Barclays Israel again questioned on tax evasion
The Tax Authority and Barclays Israel CEO Leonard Rosen are disputing the bank’s VAT liability.
Barclays Israel CEO Leonard Rosen was summoned back for additional questioning by the Israel Tax Authority, following the testimony he gave when the alleged tax evasion at Barclays Israel was first reported six months ago. Also summoned for questioning was Regev Itzhaki, CPA, a partner in the direct taxation department at Ernst & Young Israel accounting firm, which has Barclays Israel as a client. As far as is known, Itzhaki is the party working directly with Barclays Bank in the UK on all matters pertaining to the bank’s tax liabilities in Israel.
Informed sources told “Globes,” “Barclays’ global tax group is located in London, and works directly with the bank’s accountants, Ernst & Young. Barclays Israel and its management are not involved at all in tax policy.”
Last July, Israel Tax Authority VAT investigators raided the offices of UK bank Barclays Bank in Israel, collected documents, and summoned a number of the bank’s senior officials for questioning.
The investigation is concentrating on the classification of the bank’s revenue in a number of deals with VAT-exempt Israeli companies. The Tax Authority and Barclays Bank have been holding discussions on this matter for many years. The dispute between the parties concerns the place where the bank’s revenue is created. Barclays Bank provides investment banking services to companies.
As reported in “Globes,” a few years ago, the Tax Authority asked Barclays Bank to pay VAT on a number of its deals, claiming that the revenue involved was created in Israel, and the party benefiting from it was Israeli. By law, payment for services provided to an overseas company is exempt from VAT.
The company reported the deal to the Tax Authority in its periodic reports, but noted that the service was provided to an overseas company, and was therefore VAT exempt. In the case in point, however, the party actually receiving the service is resident in Israel, and is therefore subject to VAT.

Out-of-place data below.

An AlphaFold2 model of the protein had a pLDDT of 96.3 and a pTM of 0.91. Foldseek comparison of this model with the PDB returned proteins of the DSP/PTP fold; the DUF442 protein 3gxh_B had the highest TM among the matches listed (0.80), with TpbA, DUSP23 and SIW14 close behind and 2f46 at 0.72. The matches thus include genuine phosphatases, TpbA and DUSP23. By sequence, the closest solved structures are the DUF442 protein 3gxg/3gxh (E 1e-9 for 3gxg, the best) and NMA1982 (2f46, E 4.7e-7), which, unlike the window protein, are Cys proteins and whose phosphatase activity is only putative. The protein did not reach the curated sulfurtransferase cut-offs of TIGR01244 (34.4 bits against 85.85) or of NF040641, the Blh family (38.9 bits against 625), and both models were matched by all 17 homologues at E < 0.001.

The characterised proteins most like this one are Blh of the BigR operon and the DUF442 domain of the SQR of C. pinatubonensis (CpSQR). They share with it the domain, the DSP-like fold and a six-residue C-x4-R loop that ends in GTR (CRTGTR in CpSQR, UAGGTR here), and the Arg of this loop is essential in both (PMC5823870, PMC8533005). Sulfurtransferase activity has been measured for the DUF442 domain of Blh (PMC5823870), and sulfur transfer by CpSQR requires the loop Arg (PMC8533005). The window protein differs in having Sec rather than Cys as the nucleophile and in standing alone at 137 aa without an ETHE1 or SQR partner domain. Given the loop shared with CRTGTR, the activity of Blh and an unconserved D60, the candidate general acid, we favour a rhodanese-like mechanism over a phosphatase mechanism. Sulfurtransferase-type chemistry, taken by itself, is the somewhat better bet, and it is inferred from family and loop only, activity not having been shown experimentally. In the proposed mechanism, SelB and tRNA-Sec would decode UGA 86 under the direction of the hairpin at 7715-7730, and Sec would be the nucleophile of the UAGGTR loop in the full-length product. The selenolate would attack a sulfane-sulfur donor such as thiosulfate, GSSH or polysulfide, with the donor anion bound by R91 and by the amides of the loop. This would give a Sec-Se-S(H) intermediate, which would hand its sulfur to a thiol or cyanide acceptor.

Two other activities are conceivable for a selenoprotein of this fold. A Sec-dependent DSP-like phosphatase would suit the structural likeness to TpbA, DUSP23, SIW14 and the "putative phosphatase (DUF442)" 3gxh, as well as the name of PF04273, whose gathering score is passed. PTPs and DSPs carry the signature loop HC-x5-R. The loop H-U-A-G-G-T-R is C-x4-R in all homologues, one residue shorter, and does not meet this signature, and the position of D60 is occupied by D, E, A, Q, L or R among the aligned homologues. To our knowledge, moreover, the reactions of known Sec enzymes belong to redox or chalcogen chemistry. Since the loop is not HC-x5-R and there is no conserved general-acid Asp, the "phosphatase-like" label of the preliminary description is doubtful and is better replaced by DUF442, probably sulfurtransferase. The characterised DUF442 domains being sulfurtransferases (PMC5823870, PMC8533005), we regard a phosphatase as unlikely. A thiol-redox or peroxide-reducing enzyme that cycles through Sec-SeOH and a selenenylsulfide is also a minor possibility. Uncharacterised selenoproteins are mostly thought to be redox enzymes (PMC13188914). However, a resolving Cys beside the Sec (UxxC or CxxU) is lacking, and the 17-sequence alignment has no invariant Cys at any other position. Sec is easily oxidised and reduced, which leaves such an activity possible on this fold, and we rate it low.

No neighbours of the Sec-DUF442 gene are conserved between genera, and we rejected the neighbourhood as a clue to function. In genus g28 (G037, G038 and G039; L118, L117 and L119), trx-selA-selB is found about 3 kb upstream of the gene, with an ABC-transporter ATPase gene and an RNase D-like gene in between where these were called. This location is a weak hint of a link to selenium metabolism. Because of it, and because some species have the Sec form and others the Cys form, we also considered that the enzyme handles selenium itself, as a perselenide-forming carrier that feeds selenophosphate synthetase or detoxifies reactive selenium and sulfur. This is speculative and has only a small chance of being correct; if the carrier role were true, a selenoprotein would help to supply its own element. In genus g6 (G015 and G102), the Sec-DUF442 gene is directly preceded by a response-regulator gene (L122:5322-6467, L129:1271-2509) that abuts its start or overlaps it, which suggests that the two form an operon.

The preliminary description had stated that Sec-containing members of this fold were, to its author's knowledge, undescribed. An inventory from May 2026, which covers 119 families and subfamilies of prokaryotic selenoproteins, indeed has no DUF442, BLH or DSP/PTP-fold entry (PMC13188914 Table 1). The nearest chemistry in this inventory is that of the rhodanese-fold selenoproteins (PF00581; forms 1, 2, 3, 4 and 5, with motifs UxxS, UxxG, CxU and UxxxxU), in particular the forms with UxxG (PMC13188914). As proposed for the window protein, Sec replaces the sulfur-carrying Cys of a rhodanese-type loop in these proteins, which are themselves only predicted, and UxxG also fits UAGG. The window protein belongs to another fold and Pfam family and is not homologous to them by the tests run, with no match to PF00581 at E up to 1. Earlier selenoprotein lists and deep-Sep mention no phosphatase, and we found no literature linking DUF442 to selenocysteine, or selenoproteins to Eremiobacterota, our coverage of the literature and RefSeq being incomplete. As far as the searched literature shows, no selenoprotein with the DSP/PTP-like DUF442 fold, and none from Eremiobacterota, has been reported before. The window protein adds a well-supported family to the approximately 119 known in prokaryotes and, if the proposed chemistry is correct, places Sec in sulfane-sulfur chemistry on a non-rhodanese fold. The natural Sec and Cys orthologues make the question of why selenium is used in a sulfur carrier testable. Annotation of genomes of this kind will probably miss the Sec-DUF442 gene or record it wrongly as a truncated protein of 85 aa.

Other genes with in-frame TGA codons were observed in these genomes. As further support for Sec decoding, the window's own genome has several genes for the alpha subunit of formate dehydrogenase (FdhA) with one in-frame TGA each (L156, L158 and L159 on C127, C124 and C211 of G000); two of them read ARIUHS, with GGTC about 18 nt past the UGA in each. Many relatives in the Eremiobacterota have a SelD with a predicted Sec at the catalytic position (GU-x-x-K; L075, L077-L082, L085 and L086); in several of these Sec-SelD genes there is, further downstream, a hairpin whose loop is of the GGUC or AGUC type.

Barclays Bank considered its tax exposure before it entered Israel in 2010 through a query to the Tax Authority requesting a pre-ruling, and received instructions about tax-exempt deals.
As part of its dispute with the Tax Authority, the bank is claiming that it is a branch of Barclays Bank, a UK company, some of the services were provide to overseas companies, the revenue was generated overseas, and the deals were therefore VAT-exempt.
Given this background, the case was handled as a civil affair in the VAT department. As far as is known, the bank cooperated with the Tax Authority, gave the Tax Authority the documents it requested, explained its actions and position on the place where the revue was created, and has not yet obtained a decision about its VAT liability in any of the disputed deals.
Several months ago, the Tax Authority decided to step up its handling of the affair. The case was transferred to the criminal department, and the bank’s offices in Tel Aviv were raided. Even then, a Tax Authority source told “Globes” that what was involved was an examination, not an investigation, and that the bank was cooperating.
The source added that although the investigation had ostensibly been made a criminal investigation, in practice, the contacts with the company were continuing on the same format as before, and that it was possible that the affair would wind up being handled in the civil sphere.